The Covid-19 epidemic and the health measures taken to limit its spread have had an impact on the scale of other epidemics of respiratory infections. In the context of improving the health situation and easing restrictions, the Scientific Council is now concerned about the possible return of seasonal viruses.

The Covid-19 pandemic is not the only one that the Scientific Council is closely monitoring. In the latest opinion issued by the organization and published on Thursday, October 7, it called on its members to be vigilant in the face of other respiratory viruses.

“During the spread of SARS-CoV-2, a very significant decrease in the circulation of the two viruses responsible for seasonal epidemics was observed: influenza and RSV (respiratory syncytial virus),” notes the Scientific Council.

A hypothetical absence that can be explained by implementing barrier measures (social distancing, wearing a mask, hydro-alcoholic gel) to combat the Covid-19 epidemic “but it can also be amplified by a mechanism called viral interference”, in other words the difficulty of transmitting two respiratory viruses at the same time.

Influenza epidemic begins ‘from October or November’

Now that the Covid-19 epidemic is under control, especially thanks to vaccination, scientists are warning of other respiratory infections that occur during the fall and winter seasons. With regard to influenza, the council considers that “epidemiological and vaccination aspects” must be taken into account when more than 10 million people were vaccinated against influenza last year.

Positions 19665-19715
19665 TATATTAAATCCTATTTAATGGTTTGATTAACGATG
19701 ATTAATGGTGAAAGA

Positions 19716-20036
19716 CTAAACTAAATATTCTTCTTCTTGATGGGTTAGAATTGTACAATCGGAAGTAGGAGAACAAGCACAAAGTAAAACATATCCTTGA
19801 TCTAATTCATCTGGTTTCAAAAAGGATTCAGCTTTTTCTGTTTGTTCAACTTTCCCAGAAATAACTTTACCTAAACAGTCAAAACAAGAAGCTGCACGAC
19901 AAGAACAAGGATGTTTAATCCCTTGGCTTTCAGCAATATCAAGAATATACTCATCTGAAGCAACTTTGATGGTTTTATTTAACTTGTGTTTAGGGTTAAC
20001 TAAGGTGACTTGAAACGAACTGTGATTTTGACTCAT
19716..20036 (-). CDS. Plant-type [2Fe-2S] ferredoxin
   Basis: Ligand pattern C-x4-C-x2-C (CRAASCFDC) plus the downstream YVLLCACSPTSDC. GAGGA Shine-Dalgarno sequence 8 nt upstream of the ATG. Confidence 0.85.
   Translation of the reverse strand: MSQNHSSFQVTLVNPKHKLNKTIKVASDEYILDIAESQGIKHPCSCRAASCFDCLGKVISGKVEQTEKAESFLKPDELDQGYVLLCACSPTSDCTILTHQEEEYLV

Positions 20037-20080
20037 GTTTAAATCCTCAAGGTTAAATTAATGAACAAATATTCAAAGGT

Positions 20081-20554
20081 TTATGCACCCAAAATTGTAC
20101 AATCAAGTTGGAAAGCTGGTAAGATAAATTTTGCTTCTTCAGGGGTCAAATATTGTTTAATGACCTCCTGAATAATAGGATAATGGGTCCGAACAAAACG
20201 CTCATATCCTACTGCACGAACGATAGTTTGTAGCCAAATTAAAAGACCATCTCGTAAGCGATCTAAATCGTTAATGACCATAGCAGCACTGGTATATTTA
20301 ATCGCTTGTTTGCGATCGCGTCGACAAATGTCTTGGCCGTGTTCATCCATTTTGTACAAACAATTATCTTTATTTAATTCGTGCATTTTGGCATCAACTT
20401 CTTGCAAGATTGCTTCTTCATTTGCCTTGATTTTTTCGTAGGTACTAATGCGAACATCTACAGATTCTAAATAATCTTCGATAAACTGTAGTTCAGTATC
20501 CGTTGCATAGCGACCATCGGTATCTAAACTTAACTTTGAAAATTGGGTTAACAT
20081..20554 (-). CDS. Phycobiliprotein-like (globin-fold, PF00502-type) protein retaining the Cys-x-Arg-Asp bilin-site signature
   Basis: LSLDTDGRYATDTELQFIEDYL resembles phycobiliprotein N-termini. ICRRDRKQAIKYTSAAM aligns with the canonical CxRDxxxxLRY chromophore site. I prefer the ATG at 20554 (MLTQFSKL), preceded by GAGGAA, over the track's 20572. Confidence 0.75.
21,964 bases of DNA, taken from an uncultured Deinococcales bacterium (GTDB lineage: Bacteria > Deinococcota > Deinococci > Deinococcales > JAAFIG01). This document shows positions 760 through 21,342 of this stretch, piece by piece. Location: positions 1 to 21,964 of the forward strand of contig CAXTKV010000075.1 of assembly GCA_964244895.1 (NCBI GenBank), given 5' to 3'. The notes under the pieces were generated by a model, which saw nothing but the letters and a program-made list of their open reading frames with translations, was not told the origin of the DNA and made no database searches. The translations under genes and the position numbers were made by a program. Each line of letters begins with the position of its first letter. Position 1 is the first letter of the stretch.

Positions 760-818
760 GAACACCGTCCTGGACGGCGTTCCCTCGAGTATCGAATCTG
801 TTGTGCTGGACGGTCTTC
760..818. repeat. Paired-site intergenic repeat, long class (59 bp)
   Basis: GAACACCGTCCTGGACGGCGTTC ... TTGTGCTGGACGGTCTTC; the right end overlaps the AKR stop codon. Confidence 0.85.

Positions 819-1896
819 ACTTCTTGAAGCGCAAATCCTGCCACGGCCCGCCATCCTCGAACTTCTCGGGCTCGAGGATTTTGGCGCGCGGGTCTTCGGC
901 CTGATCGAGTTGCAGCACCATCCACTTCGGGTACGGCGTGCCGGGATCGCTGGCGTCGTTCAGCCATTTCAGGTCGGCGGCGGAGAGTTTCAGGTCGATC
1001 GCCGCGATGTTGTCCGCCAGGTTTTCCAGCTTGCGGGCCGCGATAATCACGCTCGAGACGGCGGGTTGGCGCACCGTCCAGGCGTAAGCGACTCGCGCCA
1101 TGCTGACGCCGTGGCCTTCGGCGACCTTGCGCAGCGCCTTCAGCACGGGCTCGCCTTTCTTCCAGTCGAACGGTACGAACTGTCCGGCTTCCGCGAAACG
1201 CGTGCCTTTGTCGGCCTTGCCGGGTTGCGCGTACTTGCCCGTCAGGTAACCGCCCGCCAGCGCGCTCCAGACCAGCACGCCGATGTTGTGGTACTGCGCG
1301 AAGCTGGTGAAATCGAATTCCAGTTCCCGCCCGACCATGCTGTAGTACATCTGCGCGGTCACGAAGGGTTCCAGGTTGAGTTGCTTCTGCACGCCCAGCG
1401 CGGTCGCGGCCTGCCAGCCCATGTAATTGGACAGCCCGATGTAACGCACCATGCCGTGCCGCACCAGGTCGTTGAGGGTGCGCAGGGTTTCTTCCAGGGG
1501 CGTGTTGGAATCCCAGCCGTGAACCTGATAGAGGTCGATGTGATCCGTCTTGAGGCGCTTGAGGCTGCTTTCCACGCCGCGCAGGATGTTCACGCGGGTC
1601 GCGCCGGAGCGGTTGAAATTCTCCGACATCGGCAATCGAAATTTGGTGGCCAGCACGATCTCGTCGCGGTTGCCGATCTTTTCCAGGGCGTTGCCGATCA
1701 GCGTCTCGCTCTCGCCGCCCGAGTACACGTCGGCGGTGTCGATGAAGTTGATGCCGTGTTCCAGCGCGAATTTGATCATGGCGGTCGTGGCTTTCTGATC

“It is possible that this pandemic will start as early as October or November, especially if the barrier measures are quickly eased and international trade resumes,” warns the Scientific Council, which believes that the impact of the epidemic will depend on the nature of the virus (H3N2 or H1N1). “The current signal showing a specific turnover of A (H3N2) virus could be considered a dangerous signal,” continues the Scientific Council, which concluded that “the hypothesis of a pandemic outbreak in 2021-2022 should be considered.”

There is no doubt that the RSV epidemic is bigger this year

With regard to respiratory syncytial virus, the Scientific Council notes that the 2020-2021 epidemic was smaller than the outbreak of the previous season “with a late start”.

The council adds: “It is therefore necessary to expect that the size of the RSV epidemic will be greater this winter compared to previous winters, especially if it is postponed to January or February 2022,” noting that there is no vaccine or RSV treatment, “Therefore, communication about measures A barrier during an RSV epidemic would be beneficial.”

Hughes Garnier BFMTV Reporter

See also  Inadequate Warning of the Carcinogenic Ethylene Oxide in Food - Medical Practice

LEAVE A REPLY

Please enter your comment!
Please enter your name here